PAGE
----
The balance between privacy and media reporting

2 September 2011

Professor Barbara McDonald comments on the Australian Communications and Media Authority's recently released revised privacy guidelines.

According to a report in the Sydney Morning Herald, the new guidelines have introduced the concept of ''seclusion'', tightened consent requirements for filming children and clarified when an invasion of privacy may indeed be in the public interest.
Professor Barbara McDonald welcomes the inclusion of seclusion.

''It's significant because I do believe that this is a big gap in our common law,'' she says.

While trespass protected people in their home and there were rules preventing disclosure of confidential information, the pieces of privacy law were not comprehensive.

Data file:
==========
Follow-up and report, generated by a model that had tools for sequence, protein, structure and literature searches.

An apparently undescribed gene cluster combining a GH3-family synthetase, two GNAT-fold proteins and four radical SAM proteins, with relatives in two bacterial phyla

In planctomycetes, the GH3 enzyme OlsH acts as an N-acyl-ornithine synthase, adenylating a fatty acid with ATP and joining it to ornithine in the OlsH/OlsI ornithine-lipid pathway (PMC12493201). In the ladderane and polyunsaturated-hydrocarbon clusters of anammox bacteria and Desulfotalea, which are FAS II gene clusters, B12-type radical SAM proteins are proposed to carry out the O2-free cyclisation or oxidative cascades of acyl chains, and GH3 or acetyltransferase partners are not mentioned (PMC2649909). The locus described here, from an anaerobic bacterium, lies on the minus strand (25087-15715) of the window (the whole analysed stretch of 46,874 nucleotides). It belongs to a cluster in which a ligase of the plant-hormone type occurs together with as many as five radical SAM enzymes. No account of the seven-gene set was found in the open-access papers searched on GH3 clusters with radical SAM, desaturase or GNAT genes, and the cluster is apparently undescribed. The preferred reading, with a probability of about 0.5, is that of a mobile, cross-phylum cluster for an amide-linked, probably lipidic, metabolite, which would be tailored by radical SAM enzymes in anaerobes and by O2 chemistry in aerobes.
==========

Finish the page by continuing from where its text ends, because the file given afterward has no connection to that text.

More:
She gives the example of the film star Nicole Kidman's every move being recorded by paparazzi:

''Where we do have a gap is being protected, particularly in a public place, from just being followed around short of being touched.''

She asks whether people weeping at funerals should be broadcast, or published in newspapers.

And while the codes governing television relate to footage that is broadcast, she says the issue goes further.

''Some people would be concerned about the collection of the material, whether they use it or not.''

The distinction between what is public and what is private in public is a ''very difficult point'' for the law, she says.

''If two people decide to kiss passionately in public, is that a private moment?''

Referring to the famous wartime victory photographs, she says:

''We wouldn't want to be saying that they can't be shown because they are private.''

Contact: Greg Sherington

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